Polar bears feasting on a beluga whale carcass in Churchill. Alex De Vries – Magnifico photo.
This polar bear shot from Churchill photographer Alex De Vries – Magnifico shows how polar bears are evolving in a time when global warming is limiting their ability to hunt seals in the winter season on the Hudson Bay ice. Seals closer to land in summer and beluga whales have become prey when they used to have no fears of being hunted in summer. Evolution at its finest!
Mario Tama photographed these breathless Arctic photos from a Lockheed P-3 accompanying a NASA crew carrying out Operation Icebridge, an operation initiated to measure Earth’s glaciers and ice sheets. The stillness, colors and textures of the Arctic landscape left Tama speechless.
“It’s such an unexpected landscape,” he says. “It felt like we were flying over a different planet.”
NASA spends 10 weeks each spring in the Arctic when the ice levels are at their highest using a pair of laser altimeters to record ice elevation and three types of radars to measure snow – one of which reaches 300 feet down to bedrock. Flying shifts of up to 12 hours, the crew surveyed hundreds of miles of coastline along Ellesmere Island in Canada and Greenland. While researchers focused on computer screens, Tama focused his camera on a landscape without scale.
“I was looking at shapes and features that I had never seen in my life,” Tama says. “We’d drop through the clouds or take a turn into a valley, and I’d be sitting there trying to process, what am I looking at?”
Last year the National Snow and Ice Data Center NASA and operation IceBridge announced the lowest ice levels for the Arctic and Antarctic in the past 38 years.
“Changes in Arctic sea ice is seen as one of the primary indicators of climate change,” says Nathan Kurtz, project scientist for Operation IceBridge. “It’s been changing so rapidly—the Arctic has been changing and warming. What we’re trying to do is get a sense of what’s driving some of the bigger changes that we’re seeing.”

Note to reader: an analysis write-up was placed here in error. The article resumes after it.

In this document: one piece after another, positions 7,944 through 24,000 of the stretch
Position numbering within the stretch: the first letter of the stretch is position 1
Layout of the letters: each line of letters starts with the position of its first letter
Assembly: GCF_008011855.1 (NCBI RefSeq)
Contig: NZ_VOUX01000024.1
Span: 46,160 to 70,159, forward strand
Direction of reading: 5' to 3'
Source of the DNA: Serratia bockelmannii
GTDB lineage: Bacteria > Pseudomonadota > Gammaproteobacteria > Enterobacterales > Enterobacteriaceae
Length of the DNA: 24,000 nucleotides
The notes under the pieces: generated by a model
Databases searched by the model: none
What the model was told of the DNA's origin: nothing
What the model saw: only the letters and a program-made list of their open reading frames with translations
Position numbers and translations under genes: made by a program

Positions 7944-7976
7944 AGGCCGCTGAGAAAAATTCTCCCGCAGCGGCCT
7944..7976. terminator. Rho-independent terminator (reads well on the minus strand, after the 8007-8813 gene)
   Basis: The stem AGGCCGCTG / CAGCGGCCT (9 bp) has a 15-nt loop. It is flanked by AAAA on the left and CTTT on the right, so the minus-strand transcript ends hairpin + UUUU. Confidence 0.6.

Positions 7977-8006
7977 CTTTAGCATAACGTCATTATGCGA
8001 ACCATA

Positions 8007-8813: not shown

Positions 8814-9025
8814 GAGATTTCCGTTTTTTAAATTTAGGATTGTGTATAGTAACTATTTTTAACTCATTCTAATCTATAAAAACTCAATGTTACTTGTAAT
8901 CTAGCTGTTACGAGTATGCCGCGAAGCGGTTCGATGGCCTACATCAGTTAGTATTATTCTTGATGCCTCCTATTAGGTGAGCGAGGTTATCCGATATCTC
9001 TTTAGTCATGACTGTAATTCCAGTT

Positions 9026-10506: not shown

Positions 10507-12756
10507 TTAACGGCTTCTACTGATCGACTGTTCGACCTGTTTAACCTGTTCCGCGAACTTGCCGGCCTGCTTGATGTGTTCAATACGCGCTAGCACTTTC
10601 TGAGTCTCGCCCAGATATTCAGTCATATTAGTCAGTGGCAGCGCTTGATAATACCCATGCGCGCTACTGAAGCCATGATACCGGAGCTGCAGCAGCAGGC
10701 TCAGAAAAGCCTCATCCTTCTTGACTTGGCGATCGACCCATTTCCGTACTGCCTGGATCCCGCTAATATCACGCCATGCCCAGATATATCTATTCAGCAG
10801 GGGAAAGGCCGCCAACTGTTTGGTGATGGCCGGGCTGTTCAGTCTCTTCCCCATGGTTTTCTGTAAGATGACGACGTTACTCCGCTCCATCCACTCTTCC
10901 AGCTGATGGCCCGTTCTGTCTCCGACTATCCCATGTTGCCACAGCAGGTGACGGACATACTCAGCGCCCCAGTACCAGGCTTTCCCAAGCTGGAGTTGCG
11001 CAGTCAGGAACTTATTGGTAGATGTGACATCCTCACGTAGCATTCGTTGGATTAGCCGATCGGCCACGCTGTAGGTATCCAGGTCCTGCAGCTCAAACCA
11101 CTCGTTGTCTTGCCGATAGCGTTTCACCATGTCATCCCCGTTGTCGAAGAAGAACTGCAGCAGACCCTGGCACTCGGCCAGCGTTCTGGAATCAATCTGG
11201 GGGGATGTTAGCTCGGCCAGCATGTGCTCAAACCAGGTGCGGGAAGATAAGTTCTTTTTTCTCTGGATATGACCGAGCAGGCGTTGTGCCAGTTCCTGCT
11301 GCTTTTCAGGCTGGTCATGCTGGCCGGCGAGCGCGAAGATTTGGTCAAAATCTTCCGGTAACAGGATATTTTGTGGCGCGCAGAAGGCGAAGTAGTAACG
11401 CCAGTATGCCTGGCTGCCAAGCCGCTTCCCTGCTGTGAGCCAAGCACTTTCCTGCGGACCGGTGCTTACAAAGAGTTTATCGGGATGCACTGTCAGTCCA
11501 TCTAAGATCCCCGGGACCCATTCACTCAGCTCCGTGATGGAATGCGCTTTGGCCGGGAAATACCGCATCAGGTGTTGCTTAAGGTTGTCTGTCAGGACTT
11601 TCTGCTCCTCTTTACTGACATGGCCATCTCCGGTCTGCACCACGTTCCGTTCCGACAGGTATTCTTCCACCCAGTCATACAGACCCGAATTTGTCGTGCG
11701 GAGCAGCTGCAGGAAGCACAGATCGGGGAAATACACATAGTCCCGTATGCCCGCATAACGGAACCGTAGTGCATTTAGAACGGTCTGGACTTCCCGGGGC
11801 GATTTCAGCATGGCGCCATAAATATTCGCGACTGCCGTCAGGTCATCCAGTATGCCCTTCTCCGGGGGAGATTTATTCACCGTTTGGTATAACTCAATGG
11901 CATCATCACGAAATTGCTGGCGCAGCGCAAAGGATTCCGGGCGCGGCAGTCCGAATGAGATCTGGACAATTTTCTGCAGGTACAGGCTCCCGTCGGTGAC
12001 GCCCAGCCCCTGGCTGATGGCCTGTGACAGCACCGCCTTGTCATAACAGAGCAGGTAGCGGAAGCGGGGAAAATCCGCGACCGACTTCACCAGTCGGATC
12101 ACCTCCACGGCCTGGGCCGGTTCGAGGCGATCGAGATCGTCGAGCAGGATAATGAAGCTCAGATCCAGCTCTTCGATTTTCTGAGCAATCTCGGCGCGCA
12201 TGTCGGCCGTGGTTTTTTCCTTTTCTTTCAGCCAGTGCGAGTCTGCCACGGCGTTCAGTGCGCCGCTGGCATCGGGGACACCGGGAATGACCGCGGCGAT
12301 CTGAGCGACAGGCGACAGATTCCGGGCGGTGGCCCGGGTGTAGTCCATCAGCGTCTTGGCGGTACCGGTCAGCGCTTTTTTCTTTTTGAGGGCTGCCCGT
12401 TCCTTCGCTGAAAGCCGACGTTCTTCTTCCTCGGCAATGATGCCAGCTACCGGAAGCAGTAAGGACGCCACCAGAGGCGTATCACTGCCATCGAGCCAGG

Tama’s stunning images remind us all of the majestic beauty of the north that is in jeopardy due to global warming!
Ellesmere Island ice field. NASA photo.
Ice pack near Ellesmere Island. NASA photo.
Ice along the Baffin Island coast Greenland. NASA photo.
NASA avionics technician surveys the Arctic landscape. NASA photo.
Russian scientists were held captive on a small island off eastern Russia after they exhausted all their non – lethal flares and air horns. The group of five researchers had to endure two weeks of captivity in their compound on Troynoy Island inside the Arctic Circle.
Troynoy Island in the Kara Sea.
On August 31, a polar bear killed one of the watch dogs at the meteorological station and then lingered at the site. Nine other adult polar bears and four cubs then set up camp and at one point an adult female bear was sleeping under the station. Vadim Plotnikov, a scientist at the station described the situation; “A female bear has been sleeping under the station’s windows since Saturday night. It’s dangerous to go out as we have run short of any means to scare off the predators,” Plotnikov said. “We had to stop some of the meteorological observations.”